The United Nations World Food Program says at least 8.5 million people in southern Africa will require food assistance by the beginning of next year unless urgently needed funds are made available. WFP says food problems in the area are being made worse by the high rate of HIV/AIDS in the region.
The World Food Program has been concerned about the situation in southern Africa since June when it carried out its last assessment of the food situation of the countries in the region. It appeared clear then the region was headed towards another massive food shortage by the end of the year.
WFP spokesman Mike Huggins, who is based in Johannesburg and regularly visits the countries involved, says several million people are already receiving WFP food aid at the moment. But the number, he says, is expected to reach at least 8.5 million by early next year.
"Lesotho, Swaziland, Mozambique, Malawi, Zimbabwe and Zambia are all right now experiencing food shortages. Part of it of course, its not only that these countries were unable to grow enough for themselves this year but the situation is being compounded by HIV/AIDS in the region," said Mr. Huggins. "Southern Africa has nine of the 10 highest rates in the world and as a result many families and small communities are not able to access the resources required to plant food because they're already spending that money and other assets on funerals or medicines."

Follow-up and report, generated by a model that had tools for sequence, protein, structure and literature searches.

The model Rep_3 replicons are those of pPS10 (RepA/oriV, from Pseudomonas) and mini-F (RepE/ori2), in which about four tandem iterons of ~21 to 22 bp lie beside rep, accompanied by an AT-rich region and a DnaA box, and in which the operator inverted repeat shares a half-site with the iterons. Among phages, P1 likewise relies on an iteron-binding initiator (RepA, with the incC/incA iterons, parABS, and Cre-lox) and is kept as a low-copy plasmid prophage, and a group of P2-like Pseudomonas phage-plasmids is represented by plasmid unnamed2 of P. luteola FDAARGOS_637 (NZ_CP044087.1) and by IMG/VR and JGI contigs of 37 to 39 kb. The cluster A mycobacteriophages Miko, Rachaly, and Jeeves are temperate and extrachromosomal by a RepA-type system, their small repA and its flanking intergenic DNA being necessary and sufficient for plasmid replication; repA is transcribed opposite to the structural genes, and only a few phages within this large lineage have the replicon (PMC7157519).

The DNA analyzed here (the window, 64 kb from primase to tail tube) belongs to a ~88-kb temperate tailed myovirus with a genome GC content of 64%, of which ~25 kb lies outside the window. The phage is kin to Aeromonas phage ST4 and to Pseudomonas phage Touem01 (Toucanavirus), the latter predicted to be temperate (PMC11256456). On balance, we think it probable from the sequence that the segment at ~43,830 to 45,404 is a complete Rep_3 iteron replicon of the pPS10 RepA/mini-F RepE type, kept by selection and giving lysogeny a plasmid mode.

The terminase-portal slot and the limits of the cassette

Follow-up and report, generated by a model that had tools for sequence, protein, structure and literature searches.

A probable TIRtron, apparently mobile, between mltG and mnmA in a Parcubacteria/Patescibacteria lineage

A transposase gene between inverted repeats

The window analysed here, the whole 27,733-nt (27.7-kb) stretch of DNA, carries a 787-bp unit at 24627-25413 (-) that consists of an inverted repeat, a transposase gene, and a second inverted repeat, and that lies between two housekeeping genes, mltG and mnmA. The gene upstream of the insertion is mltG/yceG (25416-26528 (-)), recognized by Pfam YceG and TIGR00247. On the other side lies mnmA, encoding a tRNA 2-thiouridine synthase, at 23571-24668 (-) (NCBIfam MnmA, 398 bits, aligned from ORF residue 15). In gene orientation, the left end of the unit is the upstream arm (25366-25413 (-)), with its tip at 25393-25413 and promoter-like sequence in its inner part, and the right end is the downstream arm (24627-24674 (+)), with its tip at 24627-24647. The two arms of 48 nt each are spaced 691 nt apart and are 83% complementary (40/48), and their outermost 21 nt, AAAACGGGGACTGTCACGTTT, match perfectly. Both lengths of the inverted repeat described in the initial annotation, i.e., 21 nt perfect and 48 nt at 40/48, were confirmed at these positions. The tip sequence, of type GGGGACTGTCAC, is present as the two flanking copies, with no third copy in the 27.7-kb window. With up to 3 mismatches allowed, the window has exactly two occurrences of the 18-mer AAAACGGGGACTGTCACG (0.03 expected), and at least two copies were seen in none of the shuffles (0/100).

Mr. Huggins says some donors have shown interest in the plight of people in southern Africa but this has not really materialized into the money required to keep the programs in the region moving forward.
"Our biggest problem that we face right now is a large funding shortage," added Mr. Huggins. "We need $191 million to maintain our current programs and to increase them during the lean season when the majority of people are going to find themselves short of food."
The United Nations has also warned of dire food shortages in Western Africa, saying donors are not responding to appeals for help. It said its $88 million food appeal for Malawi has not received a single penny.
Last month U.N. Secretary-General Kofi Annan wrote to 27 heads of state, the European Commission and the African Development Bank saying that urgent funding was required to "avert a catastrophe".